The December Employment Situation

Published on Jan 7, 2022

Updated on Nov 3, 2022

Written by Clare Coffey

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We have another confusing monthly jobs report, below what economists expected. The economy added  only 199,000 non-farm payroll jobs in the month of December, according to the Bureau of Labor Statistics. This number is far smaller than the 400,000 that economists predicted before the release. It’s also well below the 2021 average monthly job gain of 537,000. 

The good news is that the overall unemployment rate dropped 0.3 percentage points, down from 4.2% to 3.9%. The labor force participation rate stayed constant from last month at 61.9%.

The overall jobs recovery in 2021 hasn’t reached all workers. While the unemployment rate for white workers is back to pre-pandemic levels for December and fell 0.5% between November and December, the equivalent rate for Black workers increased 0.6% to 7.1% and is 1.1% higher than it was in December 2019. In fact, black workers were the only racial group that had an increase in unemployment rate this month.

The increase in black unemployment is driven by an increase in the unemployment of black women, which jumped from 4.9% in November to 6.2% in December.

Another factor contributing to a lackluster report: many expected significant upward revision of the November numbers. When the revisions came in, the BLS only added 39,000 jobs to the November report, bringing the total from 210,000 to 249,000. By contrast, revisions to the October report  added another 102,000 jobs from  546,000 to 648,000. Within that context, the last two months of the year look especially disappointing.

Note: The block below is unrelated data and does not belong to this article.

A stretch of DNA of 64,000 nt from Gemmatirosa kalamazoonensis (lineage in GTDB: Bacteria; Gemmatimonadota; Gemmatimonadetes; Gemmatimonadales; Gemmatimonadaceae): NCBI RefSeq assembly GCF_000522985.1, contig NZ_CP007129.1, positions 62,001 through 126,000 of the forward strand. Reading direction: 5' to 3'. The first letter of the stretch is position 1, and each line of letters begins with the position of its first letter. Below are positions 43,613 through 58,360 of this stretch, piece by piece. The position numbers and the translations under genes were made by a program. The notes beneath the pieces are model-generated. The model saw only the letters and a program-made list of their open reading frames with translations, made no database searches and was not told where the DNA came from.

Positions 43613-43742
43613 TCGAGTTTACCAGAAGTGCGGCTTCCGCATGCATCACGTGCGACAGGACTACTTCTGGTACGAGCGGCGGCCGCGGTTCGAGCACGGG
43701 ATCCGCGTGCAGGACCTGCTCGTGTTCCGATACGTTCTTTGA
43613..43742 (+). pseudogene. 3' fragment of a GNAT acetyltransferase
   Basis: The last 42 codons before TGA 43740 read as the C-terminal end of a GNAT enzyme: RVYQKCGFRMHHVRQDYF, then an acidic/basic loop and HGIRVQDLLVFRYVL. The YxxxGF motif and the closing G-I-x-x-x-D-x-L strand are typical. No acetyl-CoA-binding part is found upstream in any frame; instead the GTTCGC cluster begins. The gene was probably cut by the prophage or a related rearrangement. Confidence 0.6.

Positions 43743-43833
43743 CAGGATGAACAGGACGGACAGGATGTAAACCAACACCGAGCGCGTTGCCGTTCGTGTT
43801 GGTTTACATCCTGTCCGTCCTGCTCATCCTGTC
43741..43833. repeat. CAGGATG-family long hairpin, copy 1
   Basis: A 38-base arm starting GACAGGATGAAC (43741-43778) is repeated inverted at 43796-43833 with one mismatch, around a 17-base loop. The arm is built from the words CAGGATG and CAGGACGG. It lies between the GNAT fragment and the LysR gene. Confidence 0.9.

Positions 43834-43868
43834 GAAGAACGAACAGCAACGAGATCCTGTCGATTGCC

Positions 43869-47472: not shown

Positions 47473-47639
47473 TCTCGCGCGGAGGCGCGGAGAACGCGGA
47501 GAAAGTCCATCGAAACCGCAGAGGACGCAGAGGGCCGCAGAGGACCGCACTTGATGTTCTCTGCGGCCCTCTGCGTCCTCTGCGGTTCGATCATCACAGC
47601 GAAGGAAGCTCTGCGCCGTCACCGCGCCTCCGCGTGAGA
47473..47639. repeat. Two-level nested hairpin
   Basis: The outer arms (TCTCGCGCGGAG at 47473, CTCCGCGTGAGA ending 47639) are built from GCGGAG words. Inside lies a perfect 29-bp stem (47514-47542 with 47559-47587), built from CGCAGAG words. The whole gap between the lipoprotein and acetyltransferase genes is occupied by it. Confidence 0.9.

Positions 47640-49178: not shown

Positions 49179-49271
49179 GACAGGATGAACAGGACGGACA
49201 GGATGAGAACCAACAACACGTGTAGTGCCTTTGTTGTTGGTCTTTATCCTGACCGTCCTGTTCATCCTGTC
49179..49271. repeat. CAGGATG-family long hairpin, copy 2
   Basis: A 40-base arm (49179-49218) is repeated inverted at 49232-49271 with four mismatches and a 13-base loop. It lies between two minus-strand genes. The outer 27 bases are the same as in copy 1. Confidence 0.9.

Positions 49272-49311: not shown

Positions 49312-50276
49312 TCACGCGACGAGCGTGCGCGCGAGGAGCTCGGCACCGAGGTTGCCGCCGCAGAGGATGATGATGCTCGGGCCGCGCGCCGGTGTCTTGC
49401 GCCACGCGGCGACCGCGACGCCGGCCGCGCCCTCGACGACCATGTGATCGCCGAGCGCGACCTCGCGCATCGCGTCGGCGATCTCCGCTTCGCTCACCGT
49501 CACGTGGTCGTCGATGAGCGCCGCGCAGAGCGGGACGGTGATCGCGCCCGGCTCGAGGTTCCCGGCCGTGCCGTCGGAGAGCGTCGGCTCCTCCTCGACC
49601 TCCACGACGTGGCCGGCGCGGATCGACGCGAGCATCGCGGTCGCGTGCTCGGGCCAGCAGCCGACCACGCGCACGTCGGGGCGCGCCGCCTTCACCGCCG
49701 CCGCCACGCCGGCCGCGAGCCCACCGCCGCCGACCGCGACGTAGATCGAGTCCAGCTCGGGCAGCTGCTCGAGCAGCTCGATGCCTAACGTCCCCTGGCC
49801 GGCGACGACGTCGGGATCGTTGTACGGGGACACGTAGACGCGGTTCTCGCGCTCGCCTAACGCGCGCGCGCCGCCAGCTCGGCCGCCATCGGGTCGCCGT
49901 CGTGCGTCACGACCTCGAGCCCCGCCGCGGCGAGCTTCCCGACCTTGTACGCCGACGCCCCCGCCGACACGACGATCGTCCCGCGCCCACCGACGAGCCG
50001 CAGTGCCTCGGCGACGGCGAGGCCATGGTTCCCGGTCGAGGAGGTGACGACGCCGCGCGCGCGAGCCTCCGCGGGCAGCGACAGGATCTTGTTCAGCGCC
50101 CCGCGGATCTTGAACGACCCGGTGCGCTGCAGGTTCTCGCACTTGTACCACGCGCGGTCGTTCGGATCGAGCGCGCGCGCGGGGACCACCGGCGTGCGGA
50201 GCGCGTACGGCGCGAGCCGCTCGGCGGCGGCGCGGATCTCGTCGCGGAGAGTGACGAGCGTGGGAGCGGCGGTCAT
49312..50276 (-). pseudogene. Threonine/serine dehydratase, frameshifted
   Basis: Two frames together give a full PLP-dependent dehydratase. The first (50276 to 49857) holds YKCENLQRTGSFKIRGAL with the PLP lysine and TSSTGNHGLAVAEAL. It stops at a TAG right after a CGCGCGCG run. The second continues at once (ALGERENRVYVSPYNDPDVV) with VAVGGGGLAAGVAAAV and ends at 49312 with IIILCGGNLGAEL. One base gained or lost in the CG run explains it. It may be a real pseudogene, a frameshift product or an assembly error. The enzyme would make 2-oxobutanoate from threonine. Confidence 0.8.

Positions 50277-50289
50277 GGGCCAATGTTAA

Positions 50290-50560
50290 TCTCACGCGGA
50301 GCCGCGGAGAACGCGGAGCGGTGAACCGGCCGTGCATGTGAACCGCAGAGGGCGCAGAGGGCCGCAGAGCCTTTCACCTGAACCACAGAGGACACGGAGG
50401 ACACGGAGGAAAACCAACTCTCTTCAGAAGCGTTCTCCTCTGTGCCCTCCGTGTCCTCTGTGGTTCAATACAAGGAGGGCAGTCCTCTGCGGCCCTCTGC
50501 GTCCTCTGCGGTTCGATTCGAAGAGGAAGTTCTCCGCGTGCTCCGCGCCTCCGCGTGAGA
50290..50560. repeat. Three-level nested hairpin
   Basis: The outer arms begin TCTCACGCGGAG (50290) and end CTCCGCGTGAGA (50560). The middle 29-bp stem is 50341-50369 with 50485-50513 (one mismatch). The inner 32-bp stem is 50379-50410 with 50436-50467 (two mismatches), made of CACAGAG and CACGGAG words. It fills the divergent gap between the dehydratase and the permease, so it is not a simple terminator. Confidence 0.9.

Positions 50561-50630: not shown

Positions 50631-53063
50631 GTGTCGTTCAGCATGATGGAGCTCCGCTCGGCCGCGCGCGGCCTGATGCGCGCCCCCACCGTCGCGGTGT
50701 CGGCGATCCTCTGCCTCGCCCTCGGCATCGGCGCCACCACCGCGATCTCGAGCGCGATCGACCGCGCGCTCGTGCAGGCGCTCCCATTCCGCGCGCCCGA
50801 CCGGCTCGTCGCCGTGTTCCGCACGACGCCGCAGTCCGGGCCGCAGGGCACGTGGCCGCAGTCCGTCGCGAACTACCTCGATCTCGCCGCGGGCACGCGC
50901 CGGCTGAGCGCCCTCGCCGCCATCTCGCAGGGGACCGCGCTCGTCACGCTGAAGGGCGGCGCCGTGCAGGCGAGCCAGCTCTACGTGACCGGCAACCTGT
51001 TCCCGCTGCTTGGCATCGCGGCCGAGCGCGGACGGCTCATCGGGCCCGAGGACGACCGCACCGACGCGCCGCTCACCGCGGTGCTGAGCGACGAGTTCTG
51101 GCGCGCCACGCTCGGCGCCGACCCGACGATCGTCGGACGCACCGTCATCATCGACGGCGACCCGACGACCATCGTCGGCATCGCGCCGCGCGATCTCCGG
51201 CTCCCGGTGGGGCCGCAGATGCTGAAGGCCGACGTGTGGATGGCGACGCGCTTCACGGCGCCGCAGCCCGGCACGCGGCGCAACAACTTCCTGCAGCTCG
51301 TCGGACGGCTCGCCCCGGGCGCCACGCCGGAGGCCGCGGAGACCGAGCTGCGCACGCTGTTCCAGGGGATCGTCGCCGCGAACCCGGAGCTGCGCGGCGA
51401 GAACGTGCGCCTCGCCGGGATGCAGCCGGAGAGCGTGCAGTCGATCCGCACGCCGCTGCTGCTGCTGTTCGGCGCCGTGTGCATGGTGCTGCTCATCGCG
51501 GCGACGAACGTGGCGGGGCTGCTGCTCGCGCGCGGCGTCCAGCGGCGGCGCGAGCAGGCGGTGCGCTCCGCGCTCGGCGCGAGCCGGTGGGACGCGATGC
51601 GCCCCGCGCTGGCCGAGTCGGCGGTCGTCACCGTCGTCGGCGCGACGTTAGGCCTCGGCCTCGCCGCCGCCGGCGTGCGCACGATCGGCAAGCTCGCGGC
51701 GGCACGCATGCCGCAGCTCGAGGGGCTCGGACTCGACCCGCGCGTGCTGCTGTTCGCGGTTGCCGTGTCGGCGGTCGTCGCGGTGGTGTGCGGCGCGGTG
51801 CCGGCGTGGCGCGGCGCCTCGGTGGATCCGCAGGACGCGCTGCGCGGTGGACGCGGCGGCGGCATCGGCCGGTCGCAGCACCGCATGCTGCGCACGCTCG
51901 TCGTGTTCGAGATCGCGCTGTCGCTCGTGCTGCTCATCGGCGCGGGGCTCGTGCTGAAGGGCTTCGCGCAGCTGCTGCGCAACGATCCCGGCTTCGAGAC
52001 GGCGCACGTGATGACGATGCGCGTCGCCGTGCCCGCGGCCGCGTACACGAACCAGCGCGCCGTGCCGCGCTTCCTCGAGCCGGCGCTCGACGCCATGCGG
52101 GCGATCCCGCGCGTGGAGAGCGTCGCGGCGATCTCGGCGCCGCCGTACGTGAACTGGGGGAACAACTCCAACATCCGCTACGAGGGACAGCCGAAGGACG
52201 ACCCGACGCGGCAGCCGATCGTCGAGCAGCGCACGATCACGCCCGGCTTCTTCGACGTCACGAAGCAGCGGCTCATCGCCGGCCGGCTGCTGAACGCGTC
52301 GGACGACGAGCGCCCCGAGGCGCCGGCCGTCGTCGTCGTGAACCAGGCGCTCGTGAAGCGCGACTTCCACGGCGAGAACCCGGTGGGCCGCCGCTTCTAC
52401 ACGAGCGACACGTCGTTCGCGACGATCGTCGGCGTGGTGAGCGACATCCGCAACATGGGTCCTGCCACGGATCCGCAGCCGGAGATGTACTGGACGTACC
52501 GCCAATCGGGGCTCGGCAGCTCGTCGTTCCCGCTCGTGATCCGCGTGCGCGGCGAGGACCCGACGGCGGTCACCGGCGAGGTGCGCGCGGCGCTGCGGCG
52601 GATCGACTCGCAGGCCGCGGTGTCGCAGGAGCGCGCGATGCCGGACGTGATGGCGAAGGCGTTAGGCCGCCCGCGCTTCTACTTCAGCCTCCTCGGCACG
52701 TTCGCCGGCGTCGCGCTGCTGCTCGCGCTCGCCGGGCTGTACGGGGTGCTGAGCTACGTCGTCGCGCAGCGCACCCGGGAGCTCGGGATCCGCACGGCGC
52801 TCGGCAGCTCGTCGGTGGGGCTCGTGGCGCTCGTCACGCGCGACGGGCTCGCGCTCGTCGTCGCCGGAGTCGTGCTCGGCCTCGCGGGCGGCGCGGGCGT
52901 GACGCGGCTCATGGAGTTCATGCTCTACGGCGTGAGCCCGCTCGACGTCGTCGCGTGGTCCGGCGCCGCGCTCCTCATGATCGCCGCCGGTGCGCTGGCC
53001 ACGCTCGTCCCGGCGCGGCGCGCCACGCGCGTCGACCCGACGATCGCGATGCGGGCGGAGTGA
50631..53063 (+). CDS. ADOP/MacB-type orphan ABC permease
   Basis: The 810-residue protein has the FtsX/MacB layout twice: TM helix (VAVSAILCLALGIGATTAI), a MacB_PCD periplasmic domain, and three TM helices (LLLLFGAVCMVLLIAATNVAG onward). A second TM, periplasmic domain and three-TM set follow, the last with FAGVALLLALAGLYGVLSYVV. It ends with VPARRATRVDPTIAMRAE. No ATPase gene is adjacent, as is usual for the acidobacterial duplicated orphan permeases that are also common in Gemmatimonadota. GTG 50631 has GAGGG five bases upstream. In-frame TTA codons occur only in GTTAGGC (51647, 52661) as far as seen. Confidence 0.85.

Looking within industries, Accommodation and Food Services had the largest increase in monthly employment with +53,000 jobs added. This is a welcome counterbalance to Tuesday’s JOLTS report for November, which showed a hospitality industry experiencing both a sky-high quits rate and a decrease in new job openings.

Overall, it’s a surprising and unsatisfactory way to close out a year marked by historically tight labor markets and high average monthly job gains. But it’s worth noting that we’re seeing a large divergence in payroll surveys and household surveys, which show household employment up by 651,000. Differences between surveys aren’t unusual, especially during the pandemic, but the gap may indicate future revisions to today’s numbers.